Faulty gene doesn't affect 'breast cancer survival'

Henrietta Strickland
January 12, 2018

For women with a mutation whose breast tumors were also triple-negative-which refers to the lack of three specific characteristics seen in a breast tumor-their odds of long-term survival was the same, too.

But it is unlikely to affect the many women, like Miss Jolie, who choose to have surgery as a precaution when they find out they carry the mutated gene, in order to slash their chance of being diagnosed with cancer in the first place. This was true at 2, 5 and 10 years following diagnosis. All were tested for BRCA mutations.

About a third of those with the BRCA mutation had a double mastectomy to remove both breasts after being diagnosed with cancer.

It suggests that although women diagnosed with breast cancer at a young age tend to have a poorer outlook, those who have BRCA gene faults aren't less likely to survive. Most had chemotherapy, half has what's called breast-conserving surgery instead of a complete mastectomy, the other half had a full mastectomy and a very few did not have any surgery.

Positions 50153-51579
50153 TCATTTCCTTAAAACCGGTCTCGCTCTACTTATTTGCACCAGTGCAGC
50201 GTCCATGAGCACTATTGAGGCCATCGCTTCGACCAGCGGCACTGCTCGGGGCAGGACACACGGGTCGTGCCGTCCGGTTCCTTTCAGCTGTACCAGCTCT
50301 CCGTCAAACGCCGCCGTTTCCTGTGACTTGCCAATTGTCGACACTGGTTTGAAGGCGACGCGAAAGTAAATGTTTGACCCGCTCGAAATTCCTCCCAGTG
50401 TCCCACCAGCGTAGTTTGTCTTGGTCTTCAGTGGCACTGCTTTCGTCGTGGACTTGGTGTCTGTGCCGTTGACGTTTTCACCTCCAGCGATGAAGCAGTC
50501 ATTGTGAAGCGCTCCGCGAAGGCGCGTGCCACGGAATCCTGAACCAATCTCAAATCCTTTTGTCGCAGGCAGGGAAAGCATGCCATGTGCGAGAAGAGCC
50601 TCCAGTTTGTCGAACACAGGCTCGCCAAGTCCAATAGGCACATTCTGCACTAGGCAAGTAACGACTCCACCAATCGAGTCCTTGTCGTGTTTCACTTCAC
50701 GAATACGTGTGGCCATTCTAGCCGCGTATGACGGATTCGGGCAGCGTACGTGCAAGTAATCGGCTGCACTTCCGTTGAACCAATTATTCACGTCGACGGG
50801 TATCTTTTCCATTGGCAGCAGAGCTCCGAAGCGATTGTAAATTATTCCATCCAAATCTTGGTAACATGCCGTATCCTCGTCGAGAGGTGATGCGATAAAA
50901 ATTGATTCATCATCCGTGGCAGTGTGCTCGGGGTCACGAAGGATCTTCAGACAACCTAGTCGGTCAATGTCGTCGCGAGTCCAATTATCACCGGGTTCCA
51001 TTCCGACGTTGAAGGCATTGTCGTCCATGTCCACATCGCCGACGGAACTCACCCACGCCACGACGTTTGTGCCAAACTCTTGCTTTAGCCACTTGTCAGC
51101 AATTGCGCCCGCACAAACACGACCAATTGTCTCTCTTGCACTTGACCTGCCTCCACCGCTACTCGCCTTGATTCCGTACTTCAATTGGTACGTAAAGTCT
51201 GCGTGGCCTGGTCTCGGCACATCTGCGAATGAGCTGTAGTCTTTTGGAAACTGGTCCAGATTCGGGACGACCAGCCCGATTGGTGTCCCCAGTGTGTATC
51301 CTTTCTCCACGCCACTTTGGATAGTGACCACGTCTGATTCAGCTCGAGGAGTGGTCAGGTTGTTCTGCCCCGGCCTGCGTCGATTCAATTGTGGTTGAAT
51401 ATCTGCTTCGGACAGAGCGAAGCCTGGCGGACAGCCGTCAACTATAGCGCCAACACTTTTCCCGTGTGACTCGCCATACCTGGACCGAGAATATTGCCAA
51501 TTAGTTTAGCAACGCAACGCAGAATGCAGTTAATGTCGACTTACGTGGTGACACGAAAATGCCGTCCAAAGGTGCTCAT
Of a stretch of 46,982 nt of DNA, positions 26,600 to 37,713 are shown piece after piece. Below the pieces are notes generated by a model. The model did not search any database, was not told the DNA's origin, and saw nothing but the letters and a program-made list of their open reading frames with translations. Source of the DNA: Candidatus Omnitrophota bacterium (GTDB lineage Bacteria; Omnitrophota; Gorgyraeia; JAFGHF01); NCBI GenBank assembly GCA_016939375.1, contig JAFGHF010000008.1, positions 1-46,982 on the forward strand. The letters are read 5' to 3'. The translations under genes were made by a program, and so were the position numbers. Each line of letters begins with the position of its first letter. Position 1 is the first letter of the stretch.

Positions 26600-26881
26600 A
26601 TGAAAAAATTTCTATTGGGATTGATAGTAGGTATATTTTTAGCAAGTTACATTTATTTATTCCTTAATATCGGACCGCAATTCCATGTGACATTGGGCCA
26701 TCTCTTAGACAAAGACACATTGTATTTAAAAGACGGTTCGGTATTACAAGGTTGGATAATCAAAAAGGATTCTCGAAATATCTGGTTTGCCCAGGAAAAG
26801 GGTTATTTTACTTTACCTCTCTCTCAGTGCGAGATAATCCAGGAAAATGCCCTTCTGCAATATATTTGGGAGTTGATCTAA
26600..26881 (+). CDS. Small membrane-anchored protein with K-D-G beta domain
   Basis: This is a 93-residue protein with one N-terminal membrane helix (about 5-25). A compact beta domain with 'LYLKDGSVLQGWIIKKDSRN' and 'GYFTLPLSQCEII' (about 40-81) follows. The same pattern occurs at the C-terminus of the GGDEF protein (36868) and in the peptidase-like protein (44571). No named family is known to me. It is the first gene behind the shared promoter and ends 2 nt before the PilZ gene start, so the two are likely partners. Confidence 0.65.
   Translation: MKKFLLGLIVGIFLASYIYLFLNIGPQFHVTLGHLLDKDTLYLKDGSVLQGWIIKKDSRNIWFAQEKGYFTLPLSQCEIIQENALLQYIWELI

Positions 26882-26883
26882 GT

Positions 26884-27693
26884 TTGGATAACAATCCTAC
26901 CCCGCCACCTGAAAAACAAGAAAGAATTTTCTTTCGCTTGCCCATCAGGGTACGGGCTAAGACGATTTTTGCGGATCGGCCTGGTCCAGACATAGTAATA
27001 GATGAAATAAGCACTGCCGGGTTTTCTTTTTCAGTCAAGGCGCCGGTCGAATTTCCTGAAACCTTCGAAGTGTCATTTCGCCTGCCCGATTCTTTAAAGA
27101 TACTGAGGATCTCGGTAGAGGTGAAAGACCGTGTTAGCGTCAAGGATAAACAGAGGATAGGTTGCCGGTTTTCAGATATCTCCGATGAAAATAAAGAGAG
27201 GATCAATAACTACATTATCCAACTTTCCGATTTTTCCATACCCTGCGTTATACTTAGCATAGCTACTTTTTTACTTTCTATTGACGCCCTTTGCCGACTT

The research team, led by the University of Southampton, used data from 2,733 young women in 127 United Kingdom hospitals who had been diagnosed with primary breast cancer before the age of 40.

But the study by the University of Southampton, of women between the ages of 18 and 40 years, found after treatment, there was no significant difference is survival rate between women who have a faulty gene and women who do not.

Doctors had found that the star had mutations in BRCA genes which increase a woman's risk of breast cancer by four-to-eightfold. The mutations put women at greater risk of breast and ovarian cancers, with 45 to 90 per cent of women with the mutation developing breast cancer during their lifetime. After 10 years, faulty gene carrier survival was 73.4% compared with 70.1% for non-carriers.

BRCA1 - Led Angelina Jolie to have a double mastectomy because of her risk of breast cancer.

BRCA mutations can cause cancer because the DNA self-repair mechanisms can malfunction.

Miss Jolie, 42, famously chose to have her breasts, ovaries and fallopian tubes removed to reduce her cancer risk, after her mother died of ovarian cancer aged just 56.

PALB2 - Works similarly to the BRCA genes.

However, the researchers noted the results might not translate to older women with a BRCA mutation, as they were not involved in the study and more research would be needed in this area.

"Decisions about timing of additional surgery aimed at reducing future second primary-cancer risks should take into account patient prognosis associated with the first malignancy and patient preferences", the authors write.

Katherine Woods, from charity Breast Cancer Now said the findings "could enable many patients to make even more informed choices regarding their treatment".

Other reports by Click Lancashire

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